Grandfather was quiet a long time. “You see, girlie, I killed them—not like you do these days with bombs and rockets—but with my bare hands.” He nodded to a far corner of the room. “See, that German over there? I gutted him with my bayonet. He was just a boy, like me. A soldier boy.” Grandpa paused to gather himself, and then continued, “The boy held onto my bayonet and his eyes rolled back; but then he kept staring at me like he wanted to see somebody’s face while he was dying, even if it was his killer’s. I’ll never forget that look, no sireee. I’ve carried him with me like we were kin, like he was really somebody to me instead of a stranger . . . Poor fellow on the wrong side of my gun.”

My grandfather shivered and I pulled the thin covers up over the feeding tubes in his belly. I held his feet now, gently massaging the crooked, bony toes. His feet were freezing, as if he’d been trampling all night on a cold battleground.

It was getting late, and visitors’ hours almost over, when he asked, “Sing me that old spiritual . . . Wayfaring Stranger.” He could only mouth the words with me:

I’m going home to meet my mother
I’m going home no more to roam
I’m only going over Jordan

Suddenly he sat up in his hospital bed, staring and pointing to the opposite corner of the shadowy room. “Don’t you see him? There’s that hefty fella, beet-faced still. He got his head blown off, girlie. I found it in a field of cabbages looking like it just grew there. I didn’t kill him. But I didn’t bury him, either. I just kept grabbing those cabbages—that’s all we lived on during that long march. We were the first division to cross the Krauts’ border, the first to see all the dead, theirs and ours.”

Suddenly my grandfather laughed and looked at me fondly. “You taking notes?” he demanded. His hand clawed mine and he said. “Don’t call’em Krauts when you tell this story to the family. No one can look at these faces so close now and call’em Krauts.” Grandfather tried to sit up in his bed and managed only to raise himself up on his bony elbows. “Besides, these boys are finally here to carry me on over. Ain’t that a fine fiddle, girlie? I killed them—now, they’re gonna carry me.”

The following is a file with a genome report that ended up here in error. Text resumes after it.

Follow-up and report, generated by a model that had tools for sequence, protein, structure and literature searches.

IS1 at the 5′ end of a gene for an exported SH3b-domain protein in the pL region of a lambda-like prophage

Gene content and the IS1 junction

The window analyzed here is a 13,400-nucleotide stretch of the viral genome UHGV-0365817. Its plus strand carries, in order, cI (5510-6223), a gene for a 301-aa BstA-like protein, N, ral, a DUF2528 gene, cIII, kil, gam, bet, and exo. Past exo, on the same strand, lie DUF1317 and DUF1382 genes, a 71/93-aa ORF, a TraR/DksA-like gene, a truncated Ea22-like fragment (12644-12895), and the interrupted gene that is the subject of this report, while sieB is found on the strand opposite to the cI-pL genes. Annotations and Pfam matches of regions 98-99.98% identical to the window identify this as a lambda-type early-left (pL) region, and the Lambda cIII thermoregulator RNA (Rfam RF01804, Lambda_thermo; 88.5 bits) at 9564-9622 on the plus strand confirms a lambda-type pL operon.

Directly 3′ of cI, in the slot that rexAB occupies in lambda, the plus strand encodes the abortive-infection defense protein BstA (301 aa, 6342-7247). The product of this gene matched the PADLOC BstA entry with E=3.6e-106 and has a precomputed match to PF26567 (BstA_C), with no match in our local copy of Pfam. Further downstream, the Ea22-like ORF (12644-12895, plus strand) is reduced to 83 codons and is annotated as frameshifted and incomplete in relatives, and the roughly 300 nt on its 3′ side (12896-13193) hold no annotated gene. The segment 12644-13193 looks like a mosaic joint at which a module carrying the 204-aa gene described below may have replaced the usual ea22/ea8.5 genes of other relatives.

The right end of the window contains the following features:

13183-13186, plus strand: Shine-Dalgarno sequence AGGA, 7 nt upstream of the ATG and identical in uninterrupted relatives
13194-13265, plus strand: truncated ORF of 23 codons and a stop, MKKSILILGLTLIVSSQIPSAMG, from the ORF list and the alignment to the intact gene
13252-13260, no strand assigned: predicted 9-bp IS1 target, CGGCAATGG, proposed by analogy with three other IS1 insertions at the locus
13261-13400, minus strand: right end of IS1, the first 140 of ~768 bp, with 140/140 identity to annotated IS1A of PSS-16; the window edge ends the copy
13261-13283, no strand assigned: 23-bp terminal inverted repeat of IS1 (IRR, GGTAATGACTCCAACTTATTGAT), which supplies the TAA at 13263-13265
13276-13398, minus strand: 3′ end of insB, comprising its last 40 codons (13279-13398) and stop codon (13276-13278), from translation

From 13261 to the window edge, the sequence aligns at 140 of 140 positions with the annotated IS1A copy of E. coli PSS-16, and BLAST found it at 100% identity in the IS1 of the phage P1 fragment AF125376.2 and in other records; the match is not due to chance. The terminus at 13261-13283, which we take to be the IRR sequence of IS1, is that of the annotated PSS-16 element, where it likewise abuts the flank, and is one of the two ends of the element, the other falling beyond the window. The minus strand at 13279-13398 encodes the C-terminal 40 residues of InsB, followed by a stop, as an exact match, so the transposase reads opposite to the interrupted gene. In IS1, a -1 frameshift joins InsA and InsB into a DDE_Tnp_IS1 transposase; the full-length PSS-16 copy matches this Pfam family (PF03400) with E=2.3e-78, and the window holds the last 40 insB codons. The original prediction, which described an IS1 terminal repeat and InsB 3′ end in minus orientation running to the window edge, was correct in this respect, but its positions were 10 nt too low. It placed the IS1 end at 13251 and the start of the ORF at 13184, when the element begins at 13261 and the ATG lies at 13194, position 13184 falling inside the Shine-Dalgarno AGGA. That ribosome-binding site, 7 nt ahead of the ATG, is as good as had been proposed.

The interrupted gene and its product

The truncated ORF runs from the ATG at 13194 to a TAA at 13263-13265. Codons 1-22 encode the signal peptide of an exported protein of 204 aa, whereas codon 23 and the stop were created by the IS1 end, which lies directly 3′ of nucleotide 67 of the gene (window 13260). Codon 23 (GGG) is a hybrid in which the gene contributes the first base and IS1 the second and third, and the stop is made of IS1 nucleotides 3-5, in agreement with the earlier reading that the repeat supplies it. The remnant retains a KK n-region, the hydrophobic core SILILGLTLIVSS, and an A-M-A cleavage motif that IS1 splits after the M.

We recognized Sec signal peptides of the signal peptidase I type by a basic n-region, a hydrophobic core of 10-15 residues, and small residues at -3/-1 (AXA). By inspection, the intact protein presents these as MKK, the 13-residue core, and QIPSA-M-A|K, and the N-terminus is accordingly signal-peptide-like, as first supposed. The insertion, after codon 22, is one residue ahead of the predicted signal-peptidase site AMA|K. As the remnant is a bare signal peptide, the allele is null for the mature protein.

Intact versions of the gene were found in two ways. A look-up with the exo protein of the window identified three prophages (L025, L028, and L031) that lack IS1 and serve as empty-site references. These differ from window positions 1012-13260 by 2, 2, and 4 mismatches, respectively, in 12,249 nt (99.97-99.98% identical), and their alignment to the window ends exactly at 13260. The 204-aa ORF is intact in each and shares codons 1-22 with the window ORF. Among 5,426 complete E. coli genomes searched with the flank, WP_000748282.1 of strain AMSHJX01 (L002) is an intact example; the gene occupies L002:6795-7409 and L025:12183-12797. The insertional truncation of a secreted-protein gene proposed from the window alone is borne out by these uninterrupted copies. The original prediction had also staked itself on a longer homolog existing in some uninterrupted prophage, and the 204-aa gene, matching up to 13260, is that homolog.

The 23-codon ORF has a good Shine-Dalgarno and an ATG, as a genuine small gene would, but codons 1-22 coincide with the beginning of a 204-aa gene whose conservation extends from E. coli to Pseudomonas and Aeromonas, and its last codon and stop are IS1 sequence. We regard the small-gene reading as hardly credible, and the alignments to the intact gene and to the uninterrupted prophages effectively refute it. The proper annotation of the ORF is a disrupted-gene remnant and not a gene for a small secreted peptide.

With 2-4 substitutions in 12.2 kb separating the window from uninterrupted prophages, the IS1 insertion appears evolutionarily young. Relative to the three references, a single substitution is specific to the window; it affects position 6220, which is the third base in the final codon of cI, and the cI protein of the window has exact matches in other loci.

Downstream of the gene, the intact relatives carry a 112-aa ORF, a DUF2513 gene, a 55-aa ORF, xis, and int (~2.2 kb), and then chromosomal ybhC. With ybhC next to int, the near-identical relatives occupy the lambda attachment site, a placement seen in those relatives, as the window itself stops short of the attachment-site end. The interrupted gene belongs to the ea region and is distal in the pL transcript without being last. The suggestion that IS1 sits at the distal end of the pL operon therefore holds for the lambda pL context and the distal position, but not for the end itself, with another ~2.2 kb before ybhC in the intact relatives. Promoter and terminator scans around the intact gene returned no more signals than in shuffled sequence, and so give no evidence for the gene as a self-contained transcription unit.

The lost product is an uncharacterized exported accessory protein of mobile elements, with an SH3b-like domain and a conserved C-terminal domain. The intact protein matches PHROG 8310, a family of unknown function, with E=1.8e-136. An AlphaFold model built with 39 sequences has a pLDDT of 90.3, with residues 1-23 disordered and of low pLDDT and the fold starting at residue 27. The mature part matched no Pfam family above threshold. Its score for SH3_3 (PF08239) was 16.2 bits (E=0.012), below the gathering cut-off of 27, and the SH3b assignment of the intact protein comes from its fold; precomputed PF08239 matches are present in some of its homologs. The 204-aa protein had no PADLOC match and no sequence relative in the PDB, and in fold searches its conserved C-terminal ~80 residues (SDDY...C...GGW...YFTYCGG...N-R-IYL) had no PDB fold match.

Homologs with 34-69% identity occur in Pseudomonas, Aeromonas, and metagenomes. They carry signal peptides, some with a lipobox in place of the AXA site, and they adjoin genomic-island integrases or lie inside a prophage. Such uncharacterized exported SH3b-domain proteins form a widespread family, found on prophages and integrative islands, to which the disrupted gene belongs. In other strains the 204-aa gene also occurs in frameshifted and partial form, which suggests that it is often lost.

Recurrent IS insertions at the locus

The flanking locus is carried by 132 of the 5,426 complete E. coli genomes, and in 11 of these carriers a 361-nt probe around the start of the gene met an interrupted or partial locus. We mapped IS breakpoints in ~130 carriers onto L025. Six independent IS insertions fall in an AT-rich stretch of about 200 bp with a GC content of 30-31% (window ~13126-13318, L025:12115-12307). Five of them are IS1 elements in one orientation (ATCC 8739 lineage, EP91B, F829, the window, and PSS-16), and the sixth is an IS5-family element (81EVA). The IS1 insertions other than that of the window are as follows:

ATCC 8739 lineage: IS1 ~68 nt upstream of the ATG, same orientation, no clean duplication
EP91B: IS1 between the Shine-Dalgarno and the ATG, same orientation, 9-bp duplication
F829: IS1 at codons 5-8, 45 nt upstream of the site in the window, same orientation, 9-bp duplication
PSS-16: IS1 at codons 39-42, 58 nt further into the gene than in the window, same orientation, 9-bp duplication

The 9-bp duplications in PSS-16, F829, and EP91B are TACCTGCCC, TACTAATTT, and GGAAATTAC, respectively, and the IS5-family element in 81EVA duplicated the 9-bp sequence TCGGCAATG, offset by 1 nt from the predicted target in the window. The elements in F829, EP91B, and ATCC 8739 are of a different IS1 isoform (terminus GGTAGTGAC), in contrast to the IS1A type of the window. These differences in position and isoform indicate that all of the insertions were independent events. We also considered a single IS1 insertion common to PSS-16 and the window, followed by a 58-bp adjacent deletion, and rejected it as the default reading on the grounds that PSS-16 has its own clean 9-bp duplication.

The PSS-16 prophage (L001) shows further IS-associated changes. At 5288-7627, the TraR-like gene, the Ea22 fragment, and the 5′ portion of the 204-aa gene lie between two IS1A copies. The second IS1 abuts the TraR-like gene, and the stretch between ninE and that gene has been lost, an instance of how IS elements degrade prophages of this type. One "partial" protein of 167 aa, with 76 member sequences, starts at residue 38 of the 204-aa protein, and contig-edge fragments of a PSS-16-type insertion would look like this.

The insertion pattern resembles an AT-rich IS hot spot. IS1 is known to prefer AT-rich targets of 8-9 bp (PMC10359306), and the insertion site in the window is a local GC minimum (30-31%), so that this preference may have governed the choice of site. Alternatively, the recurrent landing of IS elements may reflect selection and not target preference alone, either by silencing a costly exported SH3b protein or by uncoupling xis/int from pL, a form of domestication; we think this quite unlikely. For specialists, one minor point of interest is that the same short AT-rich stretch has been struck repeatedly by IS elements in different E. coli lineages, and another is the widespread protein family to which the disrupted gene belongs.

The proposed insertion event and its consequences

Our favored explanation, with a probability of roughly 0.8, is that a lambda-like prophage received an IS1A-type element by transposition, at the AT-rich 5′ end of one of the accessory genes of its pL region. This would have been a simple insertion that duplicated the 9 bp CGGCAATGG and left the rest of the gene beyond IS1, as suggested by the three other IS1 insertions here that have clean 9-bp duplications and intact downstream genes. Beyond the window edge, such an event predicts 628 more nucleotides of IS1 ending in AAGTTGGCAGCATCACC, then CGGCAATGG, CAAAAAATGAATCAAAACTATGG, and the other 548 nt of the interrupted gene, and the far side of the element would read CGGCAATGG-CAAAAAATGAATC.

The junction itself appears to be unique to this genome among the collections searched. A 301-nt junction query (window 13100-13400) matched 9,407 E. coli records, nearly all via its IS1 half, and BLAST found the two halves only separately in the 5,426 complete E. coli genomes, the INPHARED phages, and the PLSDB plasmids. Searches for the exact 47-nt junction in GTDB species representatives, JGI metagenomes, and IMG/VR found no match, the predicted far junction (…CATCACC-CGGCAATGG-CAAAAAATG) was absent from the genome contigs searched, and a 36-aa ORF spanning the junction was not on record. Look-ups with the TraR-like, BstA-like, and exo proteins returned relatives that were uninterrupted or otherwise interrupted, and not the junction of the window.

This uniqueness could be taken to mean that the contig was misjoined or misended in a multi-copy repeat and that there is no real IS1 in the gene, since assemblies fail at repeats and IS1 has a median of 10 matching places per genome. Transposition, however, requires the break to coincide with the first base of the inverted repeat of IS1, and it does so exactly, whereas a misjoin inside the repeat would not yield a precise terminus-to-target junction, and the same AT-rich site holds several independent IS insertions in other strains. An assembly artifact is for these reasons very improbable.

I held his wasted hand. It felt like a cornhusk—light, with a vegetable rot. They say in the South that before a body dies, it gives off the scent of crushed pumpkins. Grandpa smelled sweet and rank like compost. Right then, I knew this was my last visit with my grandfather.

Leaning in, I listened to him whispering. “Honey, because I’m meeting those German boys now, man-to-man, I believe some of them are forgiving me. Remember your scripture? ‘For now, I see through a glass darkly, but then, face to face.’ Well, I’m seeing them face-to-face now. It’s not judgment. It’s more like meeting up with a man again I didn’t much understand before. It’s like meeting yourself . . . well, coming and going, hah!”

Then my grandfather curled up within the translucent wings of his oxygen tent and sighed, “Sing on, honey.”

Slowly I reached out and parted wide the plastic veil between us. Grandfather opened his eyes and nodded with pleasure as I began the song that he’d sung to me when I was small. It wasn’t his all-healing lullaby, though I’d sang that to him many times as he lay dying. This time I sang what he most requested.

“Over there, over there,” I sang. “Send the word, send the word over there. Say the Yanks are comin’, the Yanks are comin’, so beware . . .”

This Yank is comin’,” my grandfather sang out softly as if it were a prayer, as if all the ghosts gathered around him in that room would finally hear why a world war made a young soldier sing and take up arms, and how an old man now was taken up—in their arms.

L.A. Times, “Now it’s no mercy,” Ukrainian soldiers vow as a showdown with Russian forces nears,” March 7, 2022: